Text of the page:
Neither ELN nor FARC participated in the drafting of the Constitution, yet Liberal President Cesar Gaviria (1990-1994) held peace talks with both groups in Caracas (1991) and Tlaxcala (1992).

After being promised non-extradition, the main leaders of the Medellin Cartel surrendered to the Colombian authorities. However, Pablo Escobar continued operating from the La Catedral prison until his escape and violent death in 1993.

A new republic1

The Cali Cartel took over business, and replaced the Medellin Cartel as the main drug dealer.

The new Liberal administration of Ernesto Samper (1994-1998) was debilitated by a drug scandal involving financing of his presidential campaign.

The FARC and ELN guerrillas grew in strength, and the paramilitary responses became increasingly more violent.

In 1997, the paramilitary formed a federation, Autodefensas Unidas de Colombia (AUC), under the leadership of Carlos Castano.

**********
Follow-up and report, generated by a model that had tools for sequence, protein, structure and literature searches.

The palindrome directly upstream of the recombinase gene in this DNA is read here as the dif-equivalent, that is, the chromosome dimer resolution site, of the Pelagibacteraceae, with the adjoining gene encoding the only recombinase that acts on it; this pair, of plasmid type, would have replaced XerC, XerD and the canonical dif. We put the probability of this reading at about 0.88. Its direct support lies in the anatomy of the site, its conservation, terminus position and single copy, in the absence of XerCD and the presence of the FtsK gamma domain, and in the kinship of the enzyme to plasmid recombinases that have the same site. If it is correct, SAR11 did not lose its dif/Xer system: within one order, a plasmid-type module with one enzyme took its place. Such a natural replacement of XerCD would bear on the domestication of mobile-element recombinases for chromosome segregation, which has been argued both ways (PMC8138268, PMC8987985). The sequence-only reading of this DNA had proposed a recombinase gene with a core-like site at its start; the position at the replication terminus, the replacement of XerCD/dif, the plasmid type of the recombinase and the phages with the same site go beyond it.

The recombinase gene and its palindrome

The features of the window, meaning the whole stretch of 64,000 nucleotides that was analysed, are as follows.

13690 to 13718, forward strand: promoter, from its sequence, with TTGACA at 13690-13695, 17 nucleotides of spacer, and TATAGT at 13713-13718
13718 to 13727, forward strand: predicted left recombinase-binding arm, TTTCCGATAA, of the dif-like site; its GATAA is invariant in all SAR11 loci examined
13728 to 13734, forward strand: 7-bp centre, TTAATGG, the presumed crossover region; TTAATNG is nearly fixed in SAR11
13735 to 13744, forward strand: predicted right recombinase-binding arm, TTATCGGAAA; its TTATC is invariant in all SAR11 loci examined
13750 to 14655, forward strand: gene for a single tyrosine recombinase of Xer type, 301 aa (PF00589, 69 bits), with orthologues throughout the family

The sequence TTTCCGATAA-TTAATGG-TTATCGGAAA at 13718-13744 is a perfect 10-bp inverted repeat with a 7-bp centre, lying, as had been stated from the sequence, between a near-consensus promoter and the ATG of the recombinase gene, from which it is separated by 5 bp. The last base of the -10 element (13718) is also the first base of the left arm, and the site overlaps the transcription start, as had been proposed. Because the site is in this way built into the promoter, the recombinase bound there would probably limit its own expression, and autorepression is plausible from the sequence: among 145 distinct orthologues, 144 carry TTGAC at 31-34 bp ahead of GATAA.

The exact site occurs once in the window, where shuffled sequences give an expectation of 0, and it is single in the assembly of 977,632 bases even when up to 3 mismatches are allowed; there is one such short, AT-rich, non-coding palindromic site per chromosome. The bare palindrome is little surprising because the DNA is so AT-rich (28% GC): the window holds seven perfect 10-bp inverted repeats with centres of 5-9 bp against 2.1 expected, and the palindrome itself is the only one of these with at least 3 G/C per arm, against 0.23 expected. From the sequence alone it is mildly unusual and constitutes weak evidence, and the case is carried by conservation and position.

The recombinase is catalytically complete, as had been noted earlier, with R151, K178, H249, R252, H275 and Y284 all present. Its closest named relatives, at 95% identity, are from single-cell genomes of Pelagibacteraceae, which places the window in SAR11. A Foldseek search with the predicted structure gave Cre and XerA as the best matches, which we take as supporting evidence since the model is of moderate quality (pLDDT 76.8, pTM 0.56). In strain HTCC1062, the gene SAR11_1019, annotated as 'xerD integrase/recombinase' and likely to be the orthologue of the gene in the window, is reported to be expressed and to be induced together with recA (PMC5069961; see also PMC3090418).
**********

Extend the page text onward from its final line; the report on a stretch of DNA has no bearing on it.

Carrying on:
Both the guerrilla and the paramilitary increasingly relied on drug trade, kidnappings, and other illegal activities to finance their organizations.

A new republic2

The administration of Conservative Andres Pastrana (1998-2002) initiated peace talks with FARC and ELN, including the creation of a demilitarized zone in the South.

The paramilitaries always rejected these peace talks, and began receiving increasing support from the Colombian military after the approval of the US-financed Plan Colombia in 1999.

The failure of a negotiated settlement inclined most Colombians towards the military solution that was offered by former Governor of Antioquia and Mayor of Medellin, Alvaro Uribe.

The uribe phenomenon

In 2002, Uribe was elected President as a dissident of the Liberal Party.

President Uribe appropriated the anti-terrorism discourse of George W. Bush, and became the most reliable political ally of the United States in Latin America.

The Bush Administration strengthened Plan Colombia, and began negotiations for signing a Free Trade Agreement with Colombia.

With unparalleled popular support, Uribe was re-elected as President of Colombia in 2006, this time under the banner of Colombia First.